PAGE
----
2016 Blue Jays Season Review: Edwin Encarnacion

Edwin Encarnacion
Edwin Encarnacion

Now that the season is over, the crew at Blue Jays from Away will take a look at the Blue Jays one by one and review how each player’s season went, whether he met expectations (or not) and look at how he fits into (what we think of) the Blue Jays’ plans going forward.


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While everyone is talking about the status of free agent Edwin Encarnacion, let’s take a look and review his 2016 with the Toronto Blue Jays. Like with Jose Bautista, Toronto was the place where Edwin found his swing and his status as an MLB star. Like with Jose Bautista, it took a few false starts at the major league level for Edwin but eventually, after getting traded from Cincinnati, selected off waivers by Oakland, released by the A’s and re-signed by Toronto, he made a big splash in 2012, setting a career-high of 42 home runs.

That was when Eddie came into his power, posting a slugging percentage over .500 and not letting it fall below .529 since. While Edwin tied his career high with another 42 home runs in 2016, it certainly wasn’t his best year, statistically speaking (that would have been 2012). Still, Edwin was selected to his third All-Star game, tied for the lead in the American League with 127 RBI, scored 99 times and hit .263/.357/.529 with a career-high 87 walks. On the down side, Edwin struck out far more than he ever has, racking up 138 Ks (but that figure was still below 20% of his plate appearances). That came from Edwin playing in 160 games, also a career high.

Edwin has become a decent fielder, playing a little fewer than half his games at first base and was about average in the field. Edwin was fairly consistent but had a slow start, hitting for a .694 OPS in April and .817 in May. He heated up in June, slamming 11 home runs and hitting .308/.448/.736 after settling in for a typically Eddie-like July and August. He did revert back a little bit in .255/.354/.464 in September. All that contributed to a 3.9 fWAR for Eddie (down from a career-high 4.5 in 2015), an outstanding bargain for his $10 million salary.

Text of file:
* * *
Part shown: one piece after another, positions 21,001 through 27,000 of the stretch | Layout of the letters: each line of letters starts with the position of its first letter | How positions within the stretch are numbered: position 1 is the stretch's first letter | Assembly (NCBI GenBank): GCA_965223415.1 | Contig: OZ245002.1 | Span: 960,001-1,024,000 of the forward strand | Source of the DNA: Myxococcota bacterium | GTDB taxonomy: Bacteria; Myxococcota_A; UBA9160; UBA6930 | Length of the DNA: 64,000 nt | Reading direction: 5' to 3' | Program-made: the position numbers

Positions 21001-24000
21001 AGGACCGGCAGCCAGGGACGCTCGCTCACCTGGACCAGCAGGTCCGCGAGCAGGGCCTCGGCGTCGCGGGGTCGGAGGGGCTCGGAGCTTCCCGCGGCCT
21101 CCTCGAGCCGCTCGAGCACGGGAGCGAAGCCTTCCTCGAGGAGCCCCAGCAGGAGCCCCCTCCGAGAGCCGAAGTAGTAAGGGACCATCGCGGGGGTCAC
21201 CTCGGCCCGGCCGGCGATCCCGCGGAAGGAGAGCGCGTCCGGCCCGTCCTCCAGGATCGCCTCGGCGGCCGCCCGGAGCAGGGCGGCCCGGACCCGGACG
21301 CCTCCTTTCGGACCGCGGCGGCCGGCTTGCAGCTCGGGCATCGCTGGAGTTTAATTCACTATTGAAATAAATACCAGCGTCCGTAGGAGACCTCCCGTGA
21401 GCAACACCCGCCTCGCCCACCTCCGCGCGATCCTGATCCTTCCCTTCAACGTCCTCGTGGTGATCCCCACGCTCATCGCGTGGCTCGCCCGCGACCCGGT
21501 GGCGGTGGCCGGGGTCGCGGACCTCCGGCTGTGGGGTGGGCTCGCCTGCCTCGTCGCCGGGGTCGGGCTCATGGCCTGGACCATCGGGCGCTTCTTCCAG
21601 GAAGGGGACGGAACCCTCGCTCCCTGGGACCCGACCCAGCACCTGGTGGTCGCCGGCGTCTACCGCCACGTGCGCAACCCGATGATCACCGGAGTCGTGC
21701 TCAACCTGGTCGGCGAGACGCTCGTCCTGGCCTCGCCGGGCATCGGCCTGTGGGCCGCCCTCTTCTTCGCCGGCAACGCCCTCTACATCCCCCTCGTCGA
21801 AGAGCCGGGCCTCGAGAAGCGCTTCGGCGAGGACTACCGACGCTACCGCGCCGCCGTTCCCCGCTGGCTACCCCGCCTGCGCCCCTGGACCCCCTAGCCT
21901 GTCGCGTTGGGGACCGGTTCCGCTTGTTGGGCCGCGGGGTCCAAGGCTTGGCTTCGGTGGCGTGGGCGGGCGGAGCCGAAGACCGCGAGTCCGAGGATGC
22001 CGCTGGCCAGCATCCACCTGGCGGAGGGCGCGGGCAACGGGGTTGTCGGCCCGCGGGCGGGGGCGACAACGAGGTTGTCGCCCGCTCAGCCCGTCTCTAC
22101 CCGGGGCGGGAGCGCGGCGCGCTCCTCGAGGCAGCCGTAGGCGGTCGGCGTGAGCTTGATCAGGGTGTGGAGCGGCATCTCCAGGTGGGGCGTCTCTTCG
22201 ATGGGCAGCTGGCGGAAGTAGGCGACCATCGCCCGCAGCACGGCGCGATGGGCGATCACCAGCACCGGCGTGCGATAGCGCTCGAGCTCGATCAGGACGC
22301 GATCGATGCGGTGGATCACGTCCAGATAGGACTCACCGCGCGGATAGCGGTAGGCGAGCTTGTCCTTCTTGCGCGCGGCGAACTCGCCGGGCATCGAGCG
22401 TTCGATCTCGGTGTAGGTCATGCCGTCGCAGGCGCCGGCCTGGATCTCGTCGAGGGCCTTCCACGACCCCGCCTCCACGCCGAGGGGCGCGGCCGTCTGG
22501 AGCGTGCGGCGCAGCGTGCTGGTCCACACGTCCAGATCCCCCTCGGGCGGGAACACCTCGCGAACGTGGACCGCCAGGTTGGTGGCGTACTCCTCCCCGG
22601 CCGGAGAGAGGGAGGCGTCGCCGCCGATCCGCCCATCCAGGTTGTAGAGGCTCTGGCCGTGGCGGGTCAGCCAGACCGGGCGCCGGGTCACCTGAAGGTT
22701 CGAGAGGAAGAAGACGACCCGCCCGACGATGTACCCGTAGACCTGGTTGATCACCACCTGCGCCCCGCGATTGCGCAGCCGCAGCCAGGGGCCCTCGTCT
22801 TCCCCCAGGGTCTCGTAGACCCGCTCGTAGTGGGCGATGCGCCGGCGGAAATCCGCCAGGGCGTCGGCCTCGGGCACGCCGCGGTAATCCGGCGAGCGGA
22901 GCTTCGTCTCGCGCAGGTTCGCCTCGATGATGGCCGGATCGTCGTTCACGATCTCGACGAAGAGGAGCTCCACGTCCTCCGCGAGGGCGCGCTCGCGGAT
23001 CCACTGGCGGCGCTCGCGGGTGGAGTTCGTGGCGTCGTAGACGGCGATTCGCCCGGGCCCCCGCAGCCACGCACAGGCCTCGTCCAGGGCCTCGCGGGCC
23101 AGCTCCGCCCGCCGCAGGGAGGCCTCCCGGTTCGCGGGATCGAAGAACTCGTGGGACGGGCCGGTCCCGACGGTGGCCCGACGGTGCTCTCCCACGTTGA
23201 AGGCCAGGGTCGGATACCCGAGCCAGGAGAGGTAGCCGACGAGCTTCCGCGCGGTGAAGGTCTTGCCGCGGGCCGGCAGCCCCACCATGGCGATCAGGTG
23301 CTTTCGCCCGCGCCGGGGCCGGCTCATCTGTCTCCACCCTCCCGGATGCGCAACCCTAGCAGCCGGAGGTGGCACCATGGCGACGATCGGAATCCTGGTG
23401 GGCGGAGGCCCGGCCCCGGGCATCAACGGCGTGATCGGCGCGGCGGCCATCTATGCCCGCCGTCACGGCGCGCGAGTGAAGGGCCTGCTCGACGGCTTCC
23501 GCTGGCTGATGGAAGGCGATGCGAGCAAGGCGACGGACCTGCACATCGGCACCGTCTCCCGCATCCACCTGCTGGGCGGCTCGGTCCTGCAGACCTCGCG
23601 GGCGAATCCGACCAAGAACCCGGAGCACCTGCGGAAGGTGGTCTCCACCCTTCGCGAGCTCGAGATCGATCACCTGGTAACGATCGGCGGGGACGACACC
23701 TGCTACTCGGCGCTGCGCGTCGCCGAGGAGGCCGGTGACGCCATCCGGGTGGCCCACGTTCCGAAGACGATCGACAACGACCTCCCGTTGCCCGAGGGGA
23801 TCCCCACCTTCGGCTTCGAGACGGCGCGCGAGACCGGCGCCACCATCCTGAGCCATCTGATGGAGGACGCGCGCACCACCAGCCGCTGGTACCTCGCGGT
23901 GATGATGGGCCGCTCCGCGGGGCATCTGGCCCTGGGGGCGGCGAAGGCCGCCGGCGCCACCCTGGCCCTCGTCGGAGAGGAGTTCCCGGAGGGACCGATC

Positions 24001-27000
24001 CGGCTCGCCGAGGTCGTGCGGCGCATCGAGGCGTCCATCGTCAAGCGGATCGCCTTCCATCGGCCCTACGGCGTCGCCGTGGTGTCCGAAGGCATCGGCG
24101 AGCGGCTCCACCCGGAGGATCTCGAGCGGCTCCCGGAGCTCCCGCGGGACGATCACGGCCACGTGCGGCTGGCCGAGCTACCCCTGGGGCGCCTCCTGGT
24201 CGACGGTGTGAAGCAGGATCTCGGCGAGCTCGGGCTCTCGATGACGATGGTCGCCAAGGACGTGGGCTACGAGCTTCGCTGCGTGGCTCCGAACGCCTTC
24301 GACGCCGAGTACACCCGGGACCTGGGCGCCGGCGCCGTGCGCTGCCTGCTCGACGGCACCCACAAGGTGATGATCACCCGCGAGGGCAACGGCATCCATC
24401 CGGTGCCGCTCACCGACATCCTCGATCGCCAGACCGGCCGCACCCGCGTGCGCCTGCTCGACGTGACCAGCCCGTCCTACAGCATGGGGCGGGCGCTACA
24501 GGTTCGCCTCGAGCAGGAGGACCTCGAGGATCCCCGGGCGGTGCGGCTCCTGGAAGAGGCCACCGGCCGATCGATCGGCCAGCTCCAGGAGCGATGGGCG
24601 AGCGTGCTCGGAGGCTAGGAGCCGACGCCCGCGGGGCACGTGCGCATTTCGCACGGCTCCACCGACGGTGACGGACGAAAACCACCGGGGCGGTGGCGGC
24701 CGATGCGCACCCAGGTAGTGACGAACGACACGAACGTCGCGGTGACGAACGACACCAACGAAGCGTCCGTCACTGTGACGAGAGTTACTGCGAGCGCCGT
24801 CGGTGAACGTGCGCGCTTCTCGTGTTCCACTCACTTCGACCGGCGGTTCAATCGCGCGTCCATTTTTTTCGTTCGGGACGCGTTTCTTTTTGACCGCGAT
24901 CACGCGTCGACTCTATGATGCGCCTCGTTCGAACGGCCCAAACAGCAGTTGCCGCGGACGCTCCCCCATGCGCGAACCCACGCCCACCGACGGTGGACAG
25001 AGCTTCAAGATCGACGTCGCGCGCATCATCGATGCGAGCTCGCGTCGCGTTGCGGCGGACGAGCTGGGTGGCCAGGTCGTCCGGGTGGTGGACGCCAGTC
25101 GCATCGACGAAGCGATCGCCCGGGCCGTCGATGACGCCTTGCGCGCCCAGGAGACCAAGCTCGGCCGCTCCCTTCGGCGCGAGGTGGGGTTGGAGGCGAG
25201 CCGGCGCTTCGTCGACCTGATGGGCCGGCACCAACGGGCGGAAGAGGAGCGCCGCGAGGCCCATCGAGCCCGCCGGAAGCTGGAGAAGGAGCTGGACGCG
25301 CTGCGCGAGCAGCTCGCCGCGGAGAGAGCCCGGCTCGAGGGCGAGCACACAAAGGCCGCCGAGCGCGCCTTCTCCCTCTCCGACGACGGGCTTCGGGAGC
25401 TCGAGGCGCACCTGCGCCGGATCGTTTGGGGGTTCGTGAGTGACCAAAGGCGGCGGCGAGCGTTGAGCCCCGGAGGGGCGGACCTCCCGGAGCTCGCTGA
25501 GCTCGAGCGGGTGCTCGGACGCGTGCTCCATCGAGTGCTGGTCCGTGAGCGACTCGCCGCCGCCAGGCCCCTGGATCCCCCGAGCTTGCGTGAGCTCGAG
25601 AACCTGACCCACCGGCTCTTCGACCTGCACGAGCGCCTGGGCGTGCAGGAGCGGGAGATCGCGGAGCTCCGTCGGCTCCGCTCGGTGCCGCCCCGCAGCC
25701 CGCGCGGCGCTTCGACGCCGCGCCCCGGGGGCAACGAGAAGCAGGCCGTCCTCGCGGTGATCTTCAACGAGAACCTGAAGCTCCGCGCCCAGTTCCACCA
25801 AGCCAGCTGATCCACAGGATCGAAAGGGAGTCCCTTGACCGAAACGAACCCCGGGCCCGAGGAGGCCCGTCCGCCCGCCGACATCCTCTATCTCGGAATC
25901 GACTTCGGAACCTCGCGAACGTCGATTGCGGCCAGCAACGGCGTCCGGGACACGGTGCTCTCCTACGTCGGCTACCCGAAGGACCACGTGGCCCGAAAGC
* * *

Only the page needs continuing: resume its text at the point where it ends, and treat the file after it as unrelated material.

The playoffs started on a high note for Edwin as he hit the walkoff home run to put the nail in the coffin of the Baltimore Orioles’ season in the bottom of the 11th in the Wild Card game. Eddie was dominant against Texas in the Division Series, hitting .417/.500/.917 with two home runs and four RBI but his bat was smothered by the Cleveland Indians in the ALCS, hitting .211/.250/.263.


Contract Status


Edwin is a free agent.


Emily Says


Edwin Encarnacion led the Blue Jays this year with 42 home runs. Even though he didn’t hit his first until midway through April (and then his second in the same game), he picked up from there, smashing seven homers in May, eleven in June, seven in July and eight and six in August and September, respectively. One such home run was responsible for a tenth-inning walkoff of the Orioles on June 10th. That was the first of a six-game stretch in which he would hit six dingers.

Edwin had a 16-game on-base streak in July, and another at the end of July and into August. He played in a career-high 160 games, despite battling a finger injury earlier in the season. His average was .263 for the season, and he was fairly consistent from month to month – with a higher .308 for June and a .284 for July. In September, he was part of another walkoff when he drove home Kevin Pillar with a bases-loaded single to cap off a ninth-inning comeback against the Yankees. He led all of MLB in RBI for nearly the entire year, only for David Ortiz to tie him on the very last day of the season. Both sluggers finished the year with 127.

His OPS on the season was .886, with his entire slash line being down from 2015, but still near or above his career numbers. However, his strikeout rate was also much higher than usual, at 19.7%. His walk rate was nearly unchanged, 12.4% being just a 0.1% jump from the year before.

In an unexpected move made necessary by Justin Smoak‘s offensive slump, EE played 75 games at first base this season. Logging 636.1 innings at the position, he made quite a few great scoops on balls in the dirt and made just two errors, resulting in a .997 fielding percentage. He helped turn 57 double plays, including two of the 3-5-3 variety which he turned with Josh Donaldson in the same series.

In the final season of his contract, Edwin’s signature moment with the Blue Jays arrived in the 11th inning of the AL Wild Card game against the Baltimore Orioles. Coming up with one out and two (Devon Travis and Josh Donaldson) on base, Encarnacion hit a three-run homer off Ubaldo Jimenez that sent the Jays to the ALDS.

He homered in Games 2 and 3 of the division series, with ten hits over 35 AB in the postseason for an average of .286. He was hitless in three of the five championship series games, but had two RBI in Game 4 and nine total in the postseason.


Regular Season Grades


Jay: A-
Emily: A+


Postseason Grades


Jay: B+
Emily: A+


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